Rohil Reviews 2000s Anime: Afro Samurai

Afro Samurai (2007) is Gonzo’s 5-episode miniseries anime adaption of the Nou Nou Hau serialized manga of the same name by Takashi Okazaki. Directed by Fuminori Kizaki.

Afro Samurai is a tightly mixed production, comprised of cyberpunk neo-feudal settings, emotionally enrapturing sounds of soul and hip-hop, and tonal influences from blaxploitation media. 

The series centers on two ancient headbands, a warriors path. The wearer of the number one headband is granted access to godhood, perhaps more so symbolically. Only the number two headband can challenge number one for the shot of (maybe?) transcendence. Anyone can come for the Number 2.

So, if you’re rocking that number two headband, the block is just perpetually heated for you. It truly is a rubbish way to live life. You could instead post up at a serene village and just farm. Make you some lemonade. Maybe have a family? Truthfully, Afro had several chances for this kind of tranquility, particularly a moment from his adolescence. Afro is taken in by Sword Master’s dojo, where he bonds with his peers, all fellow orphans. Unfortunately, the attraction of revenge is too strong. 

Afro witnessed his father, the former Number 1, decapitated by Justice, a pruney gunslinging cowboy with some form of Polymelia. Dude has arms on arms on arms. Young Afro sets out to re-track the number two headband, so he can make his way back to Mount Shumi, make a mess of Justice, and avenge his pop’s death. It’s an expectedly bloody tale.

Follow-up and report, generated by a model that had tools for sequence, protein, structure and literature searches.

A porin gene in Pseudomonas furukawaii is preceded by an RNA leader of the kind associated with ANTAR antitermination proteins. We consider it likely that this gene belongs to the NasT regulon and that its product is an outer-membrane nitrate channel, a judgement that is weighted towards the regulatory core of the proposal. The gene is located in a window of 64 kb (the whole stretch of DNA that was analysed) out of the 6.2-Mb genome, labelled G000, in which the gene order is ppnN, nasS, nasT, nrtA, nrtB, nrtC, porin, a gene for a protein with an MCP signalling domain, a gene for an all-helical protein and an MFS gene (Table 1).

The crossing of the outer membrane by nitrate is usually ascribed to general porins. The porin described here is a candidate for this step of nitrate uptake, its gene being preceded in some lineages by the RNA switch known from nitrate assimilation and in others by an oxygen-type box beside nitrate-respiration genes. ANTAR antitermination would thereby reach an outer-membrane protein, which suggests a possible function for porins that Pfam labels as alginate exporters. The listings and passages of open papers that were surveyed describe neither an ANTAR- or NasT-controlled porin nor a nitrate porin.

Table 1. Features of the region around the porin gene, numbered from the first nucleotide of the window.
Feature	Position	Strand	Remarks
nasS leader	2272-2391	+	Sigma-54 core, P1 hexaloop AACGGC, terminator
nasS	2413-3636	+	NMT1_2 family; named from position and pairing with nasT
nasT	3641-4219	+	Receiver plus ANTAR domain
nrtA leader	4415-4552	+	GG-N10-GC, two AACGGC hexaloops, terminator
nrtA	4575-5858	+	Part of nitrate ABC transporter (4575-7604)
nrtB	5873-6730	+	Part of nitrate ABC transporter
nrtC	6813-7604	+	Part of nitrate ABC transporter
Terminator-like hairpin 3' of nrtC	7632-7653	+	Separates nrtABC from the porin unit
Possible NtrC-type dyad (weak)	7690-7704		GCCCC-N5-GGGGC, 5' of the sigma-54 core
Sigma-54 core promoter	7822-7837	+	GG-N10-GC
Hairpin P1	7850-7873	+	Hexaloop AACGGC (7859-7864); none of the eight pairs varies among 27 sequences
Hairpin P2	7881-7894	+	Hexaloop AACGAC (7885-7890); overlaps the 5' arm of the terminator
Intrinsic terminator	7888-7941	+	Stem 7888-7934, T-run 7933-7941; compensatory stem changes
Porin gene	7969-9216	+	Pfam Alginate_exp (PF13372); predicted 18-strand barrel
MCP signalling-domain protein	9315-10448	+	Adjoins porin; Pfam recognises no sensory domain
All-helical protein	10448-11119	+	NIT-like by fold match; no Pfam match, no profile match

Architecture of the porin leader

The show is engaging the whole ride through, the five episodes are well-paced, and there is a vibrant rhythm to the profanely witty, theatrical dialogue. The show is self-aware, entirely playing into all the cheesiness the genre propagates.

Further contributing to the effective story pacing, Afro Samurai cuts its battles together superbly. All the fights are fluid, chic, and easy to parse. The score syncs to the shot-variation during fight choreography, and the musical beats harmonize with the combat’s emotional beats. 

Afro Samurai features, undeniably, one of the smoothest, nastiest, prodigious anime OSTs of all time. Produced by the legendary RZA of Wu-Tang Clan, also notable for his work on the Kill Bill soundtrack, and his film The Man with the Iron Fists. Featuring contributions from luminary Hip Hop artists Q-Tip and Talib Kweli. RZA’s soundtrack is a strengthening coat, solidifying the show’s indestructible badassery. In a behind-the-scenes look at the making of Afro Samurai, RZA reveals the show’s sonic story as Afro’s father representing soul, and Justice representing hard rock. A masterful consideration, capturing both the story’s events and symbolic beats. Rock kills soul, killing that piece of Afro, his innocence. Afro grows up formed by soul (his father) and rock (his father’s killer, Justice) — the combination of the two, being Hip Hop. 

The voice acting cast features Samual L. Jackson as Afro, and his loud-mouthed imaginary friend, Ninja Ninja. Ron Perlman plays Justice, and other cast members include Tara Strong, Kelly Hu, and Phil LaMarr.

A powerhouse cast, delivering captivating performances, fully committing to the absurdity of their characters — all of whom flex iconic designs. From Kuma’s bear-head to The Empty Seven, Justice’s pruney-ass, Ninja Ninja’s clout-goggles, and Afro himself, with his chilling gaze. 

Afro Samurai is genuinely one of the dopest pieces of art created. 

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